It's a New Year. The gamer in me appreciates that it's going to be a good year because it's 2020. I'm not going to explain the joke, sorry.
Since launching Dragon's Voice in November, I've been compiling a list of things I wish I had known before publishing. These are the little things that some people may have told me and I forgot, or no one said and I didn't know to ask. So, here are "More Things we Learned" It's a continuation of the "Things we learned today" Blog from October 2019. Read that one HERE first, then come back.
Done? Ok, here's the new stuff.
1. Make sure your word document has "keep lines together" UNCLICKED on the paragraph settings. This means the program will NOT bump your paragraph to the next page to keep it together. That way you won't end up with a huge dead space at the end of the page when the paragraph falls across it. It DOES mean you'll have widows and orphans (a single word or sentence on a page followed by a break like a chapter). Now you have to find those and fix them.
If you fail to do this, correcting it later will mean you will suddenly SHORTEN your book and may have to redo your cover (because the spine is now a different thickness).
2. Don't put a subtitle in Amazon for the paperback. The ebook from Draft2Digital doesn't do subtitles, and now your two items don't match by way of description. No, you can't edit the paperback after it's up. You could edit the ebook, but D2D doesn't do subtitles, so you are stuck. Amazon won't help you by matching them.
I ended up removing Amazon from D2D's distribution and loading the doggone thing myself. It worked, but defeats a bit of the purpose! On the plus side, the ebooks count towards the Amazon total now, and since they payout when I hit a threshold, it may help me reach that threshold sooner and actually get paid. So, maybe a good thing?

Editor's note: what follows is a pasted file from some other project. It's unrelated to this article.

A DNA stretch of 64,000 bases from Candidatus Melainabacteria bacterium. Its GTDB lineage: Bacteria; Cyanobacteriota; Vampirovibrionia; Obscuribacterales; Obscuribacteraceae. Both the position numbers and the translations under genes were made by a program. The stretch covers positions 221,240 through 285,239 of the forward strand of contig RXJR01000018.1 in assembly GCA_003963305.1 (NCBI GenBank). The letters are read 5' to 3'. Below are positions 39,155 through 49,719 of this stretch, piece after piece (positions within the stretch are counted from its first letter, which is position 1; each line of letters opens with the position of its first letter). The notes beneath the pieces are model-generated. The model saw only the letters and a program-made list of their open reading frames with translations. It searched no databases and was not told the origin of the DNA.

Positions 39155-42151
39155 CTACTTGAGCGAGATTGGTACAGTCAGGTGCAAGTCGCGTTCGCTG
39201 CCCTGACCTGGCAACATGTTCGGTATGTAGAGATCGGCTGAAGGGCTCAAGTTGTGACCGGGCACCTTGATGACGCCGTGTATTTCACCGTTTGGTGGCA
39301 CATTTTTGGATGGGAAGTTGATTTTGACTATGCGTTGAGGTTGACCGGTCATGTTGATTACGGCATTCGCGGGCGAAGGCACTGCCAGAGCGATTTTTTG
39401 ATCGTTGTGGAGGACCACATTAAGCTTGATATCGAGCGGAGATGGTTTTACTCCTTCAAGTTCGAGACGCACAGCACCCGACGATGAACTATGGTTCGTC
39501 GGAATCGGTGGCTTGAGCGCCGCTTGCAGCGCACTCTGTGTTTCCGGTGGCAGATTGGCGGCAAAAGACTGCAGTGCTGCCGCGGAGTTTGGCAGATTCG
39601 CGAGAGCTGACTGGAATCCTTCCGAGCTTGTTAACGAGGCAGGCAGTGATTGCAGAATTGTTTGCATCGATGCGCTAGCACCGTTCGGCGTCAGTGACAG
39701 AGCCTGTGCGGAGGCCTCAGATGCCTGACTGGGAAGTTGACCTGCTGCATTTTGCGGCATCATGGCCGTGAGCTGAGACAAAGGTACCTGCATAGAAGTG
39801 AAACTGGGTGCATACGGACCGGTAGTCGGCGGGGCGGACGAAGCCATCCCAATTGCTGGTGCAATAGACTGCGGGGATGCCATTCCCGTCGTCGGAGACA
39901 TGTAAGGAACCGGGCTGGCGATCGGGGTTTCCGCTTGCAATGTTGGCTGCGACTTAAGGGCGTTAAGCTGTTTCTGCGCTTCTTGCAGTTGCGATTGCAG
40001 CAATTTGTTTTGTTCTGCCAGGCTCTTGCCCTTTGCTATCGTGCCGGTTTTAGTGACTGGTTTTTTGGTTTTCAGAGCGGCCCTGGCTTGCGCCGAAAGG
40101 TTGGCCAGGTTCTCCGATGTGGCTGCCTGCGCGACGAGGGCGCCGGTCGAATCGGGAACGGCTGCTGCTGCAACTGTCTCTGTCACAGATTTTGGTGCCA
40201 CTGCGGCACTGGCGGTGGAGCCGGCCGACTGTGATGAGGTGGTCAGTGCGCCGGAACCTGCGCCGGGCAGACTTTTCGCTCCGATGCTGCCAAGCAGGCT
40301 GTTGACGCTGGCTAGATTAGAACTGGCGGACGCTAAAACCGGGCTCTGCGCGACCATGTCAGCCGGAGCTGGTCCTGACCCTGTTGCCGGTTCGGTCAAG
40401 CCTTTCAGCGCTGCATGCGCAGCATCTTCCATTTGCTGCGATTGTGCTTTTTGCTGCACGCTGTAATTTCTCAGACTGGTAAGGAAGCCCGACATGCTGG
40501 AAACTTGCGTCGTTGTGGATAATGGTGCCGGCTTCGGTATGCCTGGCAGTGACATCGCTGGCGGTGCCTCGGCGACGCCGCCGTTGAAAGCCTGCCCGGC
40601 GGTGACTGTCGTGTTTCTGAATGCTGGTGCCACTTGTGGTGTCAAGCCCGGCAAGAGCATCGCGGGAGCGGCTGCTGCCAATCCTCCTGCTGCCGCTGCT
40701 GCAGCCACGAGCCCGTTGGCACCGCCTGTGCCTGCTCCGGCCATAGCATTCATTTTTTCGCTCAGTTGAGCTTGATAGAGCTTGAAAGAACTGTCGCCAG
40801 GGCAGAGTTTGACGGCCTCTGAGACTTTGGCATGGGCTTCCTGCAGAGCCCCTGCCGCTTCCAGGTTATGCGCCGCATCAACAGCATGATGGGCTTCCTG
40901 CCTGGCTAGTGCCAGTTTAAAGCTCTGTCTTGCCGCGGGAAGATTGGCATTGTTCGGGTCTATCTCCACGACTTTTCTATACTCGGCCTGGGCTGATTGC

3. Make a file for your links. Yes, D2D has a new "universal link" feature, but you'll still want the paperback one, and your website, and your event link and whatever else. If you have a single file with it on, it's easy to click and connect the icons to the page you want. But some links are too long… so I learned about Bitly. It shortens links for you.
4. Sell author copies to sell to family and friends, those who would buy MY book but not really likely to buy a fantasy novel. This means you will not confuse the algorithms online. Apparently, Amazon and such are using your sales to categorize your book (so they know who to show it to in the "you may be interested in" parts. If all my friends buy it, but they are not fantasy readers, then it doesn't show it to the right people.
The downside to this is that these sales do not count towards my rankings or online presence. Pros and cons to that one.
5. I sold 25 books easily. I should have brought in more.
6. Reviews. Please, if you remember only one thing from this, let it be; "support your author with reviews." Online reviews drive sales. They let people know the new book by an unknown person is legitimate. If you have thirty seconds, go write a review. Even if it's not for me, write one for another author you love. It doesn't matter as much to the multi-million sales top-seller with thousands already (but they would probably like to hear from you!), but it is a HUGE thing to an author just starting. You can write reviews on websites, Goodreads, Amazon and more.
I didn't do a good job of setting up reviews. I have to play catch-up now. It's hard to have reviews without having readers. I should have requested reviews from early readers (eARC), but that's a work in progress now.
There you go! Hopefully, someone can learn from my oversights and have a smoother publishing run!
Overall, I was floored by how well Dragon's Voice did. I called the book my "Training wheels book" because I knew it would be a bit wobbly, a stepping stone along the path to publications, but it was smoother and better received than I had ever expected.
If I did my job right, the people who enjoyed Dragon's Voice will be excited to know Dragon's Talon (following Sair's descendant through starting a war) is aiming to be released in May 2020. It'll be going to Beta Readers no later than mid-January.
Happy reading and Happy New Year!
D. Lambert, author
Fantasy novels that entice, inspire, and entertain.